Bars, apps … those just seem so pointless. You’re building and building-up this image of yourself to someone and then struggle to meet that image. It sounds exhausting. At some point you are going to let the real you into the room. At some point you have to be vulnerable?
My cycles of motivation usually start off with some kind of commitment to myself in a list-form. I’m going to organize. I’m going to plan. I’m going to buy a real calendar and put giant sharpie marks on actual dates. Yeah!
Most of the time that’s where my cycle of motivation stops.
I’ve been trying to figure out why.
My current working idea is that I have a problem being satisfied with smaller, incremental change. I have a hard time celebrating the small victories. And that prevents me from reaching a goal.
I have to accept all there is, is progress over time. It’s not something you hear often because “This book will change your life … over the next 5 years!” … isn’t exactly a hot sell.
Love Never is about the expectation of love versus the reality of love.
Love isn’t an abstract dream that one day falls out of the sky, fully formed. It’s a choice. It’s a verb.
It’s making. It’s building. It is quite simply the choice to continue with this person in the face of zero convenience or benefit. Until the effort registers as a reward itself, love will always feel like a pursuit instead of someplace you already are. All the boring, all the tedious and all the bland ... that IS love as much as the excitement, the passion and the adventure.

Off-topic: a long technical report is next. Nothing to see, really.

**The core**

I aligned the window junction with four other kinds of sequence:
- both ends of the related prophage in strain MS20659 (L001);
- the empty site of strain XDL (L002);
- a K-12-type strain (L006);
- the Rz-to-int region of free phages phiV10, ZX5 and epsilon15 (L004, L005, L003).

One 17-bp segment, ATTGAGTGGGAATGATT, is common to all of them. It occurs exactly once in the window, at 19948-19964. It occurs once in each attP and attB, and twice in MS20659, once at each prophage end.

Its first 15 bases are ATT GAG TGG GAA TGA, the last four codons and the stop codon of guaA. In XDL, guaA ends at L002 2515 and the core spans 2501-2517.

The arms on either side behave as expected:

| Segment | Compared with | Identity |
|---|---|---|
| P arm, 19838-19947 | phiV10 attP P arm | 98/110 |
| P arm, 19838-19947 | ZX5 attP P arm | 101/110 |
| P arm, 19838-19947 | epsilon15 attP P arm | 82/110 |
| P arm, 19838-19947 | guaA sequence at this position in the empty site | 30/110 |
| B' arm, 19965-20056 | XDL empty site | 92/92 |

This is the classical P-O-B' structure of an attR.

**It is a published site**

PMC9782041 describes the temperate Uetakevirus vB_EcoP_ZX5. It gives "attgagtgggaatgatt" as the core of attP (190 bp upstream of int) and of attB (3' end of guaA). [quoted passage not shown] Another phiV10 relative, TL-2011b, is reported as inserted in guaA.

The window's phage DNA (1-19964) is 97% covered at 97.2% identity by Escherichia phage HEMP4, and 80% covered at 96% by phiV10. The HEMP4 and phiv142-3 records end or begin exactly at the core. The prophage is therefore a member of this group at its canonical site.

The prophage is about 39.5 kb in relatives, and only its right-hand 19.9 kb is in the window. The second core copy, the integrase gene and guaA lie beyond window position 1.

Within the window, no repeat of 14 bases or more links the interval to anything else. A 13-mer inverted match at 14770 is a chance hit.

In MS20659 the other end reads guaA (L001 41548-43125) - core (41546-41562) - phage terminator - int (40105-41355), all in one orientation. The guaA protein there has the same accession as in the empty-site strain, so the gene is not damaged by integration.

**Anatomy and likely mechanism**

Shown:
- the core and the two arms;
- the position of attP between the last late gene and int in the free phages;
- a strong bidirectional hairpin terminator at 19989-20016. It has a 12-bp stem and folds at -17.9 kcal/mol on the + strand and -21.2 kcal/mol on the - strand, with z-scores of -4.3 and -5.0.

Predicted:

Whatever that meant, I was always pretty sure what I was doing with my life, wasn’t it. I should have asked myself … normal? Compared to what?
Those people you went to high school with who have these things called “careers”? No one is perfectly doing all this. No one is really fully adjusted. No one is flawlessly parenting, let alone parenting themselves.
It can feel tempting to torpedo your life and start over. But it would be a waste. You will still be you. Trying to measure up to some imaginary metric for normal is pointless. You can be normal the instant you decide you are.
Zach turned me on to Ken Wilber’s stuff. I think it was him who posted the idea of trying to understand people’s political beliefs by asking, “Why is there suffering in the world?”
Some people will answer that it’s due to a lack of personal responsibility. Some people will say it is due to a lack of equal opportunity.
The point is a rough way to describe political bias. But when I think about the question, I believe it isn’t as simple as either/or.
If responsibility isn’t a core value, you will at best not appreciate the opportunities presented. And at worst squander opportunity. But today, when the single biggest factor in upward mobility is the randomness of birth … it doesn’t matter how much responsibility you exude into society. You aren’t going anywhere without help.
This song ponders what happens when rigid ideology meets disaster. What happens when you go to die on the hill of “Congratulations! You’re on your own” … and get what you’re asking for?
Like a bully flaunts power to feel better over their own insecurity, the otherized “takers” only deserve punishment.
We really do nothing on our own. Every step of the way has had a pioneer or trailblazer… who had a pioneer or a trailblazer point the direction for them. We are all part of a system. Connected. It’s just in our evolutionary advantage to care more about our similarities rather than punish our differences.
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They play London’s Brixton Academy next July.
25 years in, Jimmy Eat World prove that simply surviving can be much more than accepting a limp existence.
The dates come around the band’s support shows with Frank Turner.
Sleeping With Sirens, State Champs and more have also been announced.